The Buddhist monks, notably, through their travels across the length and breadth of the fertile valleys, Sen tells us, created a ‘dense patchwork’ (pg.186) of sacred sites, fostered animist and spirit traditions, laced routes with reliquaries, built monasteries and thereby sanctified the river and its environs. By the time of the ascendance of the Gupta dynasty (3rd to 5th CE), the Ganga acquired the aura of an auspicious river and its evocative aquatic iconography soon became the ‘ultimate prize’ (pg. 189) for those assembling imperial authority. Motifs of the Ganga, in fact, were much sought after as they provided political legitimacy for ruling aspirants in places as far away as the Deccan and South India. But also striking is Sen’s brilliant exposition of the phenomenon of ‘spoliation’ (pg. 224-35) ─ the desecration, looting and seizure of objects. In particular, he points out, how temple idols, ornaments and artefacts carrying the imagery of the Ganga were frequently pillaged by warring kings and challengers, who sought to fabricate their sovereignty through such acts of violence and raiding.
Under the third and final theme, Sen dwells on a fresh political and ecological momentum that was initiated with the arrival and conquests by Muslim warrior aristocracies from the 10th century onwards. Starting with the Delhi Sultanate (1206-1526), he notes, there began a ‘gradual, irreversible transformation of the agrarian ecology of the Ganga plains’ into a new type of society comprising ‘landholders, peasants, traders and military elites’ (pg. 259). Instead of the previous reliance by monarchs and their kingdoms on raid, plunder and the redistribution of spoils, the new Muslim warrior dispensation mostly sought to depend on the regular taxation of agrarian produce. In other words, an unprecedented focus on land revenue now supported the ‘muster, equipment and training of troops, which in turn extended the frontiers of agriculture’ (pg.262).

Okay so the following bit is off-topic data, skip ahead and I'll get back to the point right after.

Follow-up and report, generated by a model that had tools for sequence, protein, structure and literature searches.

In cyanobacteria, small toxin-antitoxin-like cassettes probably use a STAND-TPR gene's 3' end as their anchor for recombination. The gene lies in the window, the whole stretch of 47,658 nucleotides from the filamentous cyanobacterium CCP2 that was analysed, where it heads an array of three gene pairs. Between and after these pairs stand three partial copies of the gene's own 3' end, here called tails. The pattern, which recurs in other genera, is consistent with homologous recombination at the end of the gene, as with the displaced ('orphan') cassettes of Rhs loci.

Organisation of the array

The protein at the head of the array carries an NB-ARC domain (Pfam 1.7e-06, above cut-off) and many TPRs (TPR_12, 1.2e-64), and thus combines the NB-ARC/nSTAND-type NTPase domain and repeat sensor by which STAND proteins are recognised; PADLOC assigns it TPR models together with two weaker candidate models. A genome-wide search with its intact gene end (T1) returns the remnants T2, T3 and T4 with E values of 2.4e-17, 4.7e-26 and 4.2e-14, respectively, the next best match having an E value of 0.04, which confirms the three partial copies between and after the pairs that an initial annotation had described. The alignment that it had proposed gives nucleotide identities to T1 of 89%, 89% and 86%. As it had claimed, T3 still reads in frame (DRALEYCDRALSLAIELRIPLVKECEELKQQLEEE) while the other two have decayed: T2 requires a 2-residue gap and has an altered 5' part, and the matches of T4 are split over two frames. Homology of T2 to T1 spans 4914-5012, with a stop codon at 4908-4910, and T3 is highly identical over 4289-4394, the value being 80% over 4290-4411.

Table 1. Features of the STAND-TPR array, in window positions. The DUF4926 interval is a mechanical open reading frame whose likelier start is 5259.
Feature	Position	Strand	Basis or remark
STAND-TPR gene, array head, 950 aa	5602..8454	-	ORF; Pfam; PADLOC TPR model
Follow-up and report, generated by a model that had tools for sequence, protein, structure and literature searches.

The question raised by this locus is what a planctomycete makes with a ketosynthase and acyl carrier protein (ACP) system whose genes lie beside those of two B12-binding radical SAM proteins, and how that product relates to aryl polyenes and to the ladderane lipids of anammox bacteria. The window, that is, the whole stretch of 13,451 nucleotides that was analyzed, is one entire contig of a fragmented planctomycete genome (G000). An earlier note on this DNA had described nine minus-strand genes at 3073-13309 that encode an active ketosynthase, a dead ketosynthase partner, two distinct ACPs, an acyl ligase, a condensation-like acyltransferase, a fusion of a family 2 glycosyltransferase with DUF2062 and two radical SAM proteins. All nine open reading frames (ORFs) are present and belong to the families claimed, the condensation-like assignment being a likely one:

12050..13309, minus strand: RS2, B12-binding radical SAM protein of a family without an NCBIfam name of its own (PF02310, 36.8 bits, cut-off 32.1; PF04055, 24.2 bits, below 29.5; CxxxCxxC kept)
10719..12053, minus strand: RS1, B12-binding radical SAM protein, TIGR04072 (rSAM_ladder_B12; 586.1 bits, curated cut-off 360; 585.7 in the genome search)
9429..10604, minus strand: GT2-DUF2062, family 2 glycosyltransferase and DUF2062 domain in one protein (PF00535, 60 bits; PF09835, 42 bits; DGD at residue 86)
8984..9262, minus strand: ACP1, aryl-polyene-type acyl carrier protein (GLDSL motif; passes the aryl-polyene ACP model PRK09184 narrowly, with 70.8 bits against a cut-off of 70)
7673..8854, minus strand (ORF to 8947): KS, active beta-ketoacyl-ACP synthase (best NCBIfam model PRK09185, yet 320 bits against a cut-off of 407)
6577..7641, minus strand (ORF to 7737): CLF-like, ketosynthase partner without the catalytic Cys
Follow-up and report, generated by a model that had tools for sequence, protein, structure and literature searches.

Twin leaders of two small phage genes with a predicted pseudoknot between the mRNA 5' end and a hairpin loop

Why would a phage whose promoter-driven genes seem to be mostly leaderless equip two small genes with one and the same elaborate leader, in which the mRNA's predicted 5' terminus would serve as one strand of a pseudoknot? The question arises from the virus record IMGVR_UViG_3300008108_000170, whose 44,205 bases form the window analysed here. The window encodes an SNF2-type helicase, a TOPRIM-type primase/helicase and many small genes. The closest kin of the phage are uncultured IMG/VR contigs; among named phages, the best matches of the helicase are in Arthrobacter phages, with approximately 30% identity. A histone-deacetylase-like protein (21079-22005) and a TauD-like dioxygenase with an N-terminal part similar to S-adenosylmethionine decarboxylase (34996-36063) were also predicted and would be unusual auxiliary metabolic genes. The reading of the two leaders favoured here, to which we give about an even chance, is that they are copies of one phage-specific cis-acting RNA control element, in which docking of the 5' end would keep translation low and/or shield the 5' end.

The fortification of strategic points along the Ganga became critical to reinforcing the incipient agrarian order, with the landscape, especially under the Mughals, increasingly being turned into a patchwork of military garrisons and urban centres. Though locating forts sometimes could also follow from more complex reasoning. The Mughal emperor Akbar (1542-1605), for example, when building the formidable Allahabad fort at the confluence of the Ganga and Yamuna rivers was particularly keen to occupy a spot from which Hindu pilgrims practiced a form of ritual suicide by either decapitating themselves or leaping to certain death into the river’s ferocious currents (pg.292-93).
By the 17th century, the Bengal delta was swamped with European mercantile companies (Portuguese, Dutch, Danish, French, and British), whose boats were busy plying the various tributaries of the Ganga for trade and profit. Sen provides us a lively account of not only how the East India Company transformed itself into a colonial power through commerce but, in a peculiar twist, used those very same riverine trading networks to seize and extend their control over the vast land revenues of the fertile flood plains. Sen, in fact, goes on to then suggest that British India continued with and further deepened the Delhi Sultanate and the Mughal project of turning the plains of the Ganga into an agrarian society. The mighty Ganga, this time around, however, under the aegis of the British Raj was systematically transformed into a modern industrial river: crisscrossed by perennial irrigation schemes, modern canals, railways, steamship travel, aqueducts, culverts, barrages, bridges and weirs. But it is precisely in its latest avatar as a modern river that Sen believes the Ganga, unlike ever before, will be compelled to confront the most intense and growing disconnect between its sacral powers and its material degradation.
Ganga: The Many Pasts is compelling in telling us that the Ganga is most meaningfully grasped only through a qualitative and variegated understanding of the river’s innumerable pasts ─ by weaving mythic and celestial time into narrative history. This is outstanding scholarship, marked by brilliance and brimming with insight. As long as the Ganga flows, so should this magnificent and inspired effort by Sen, also endure.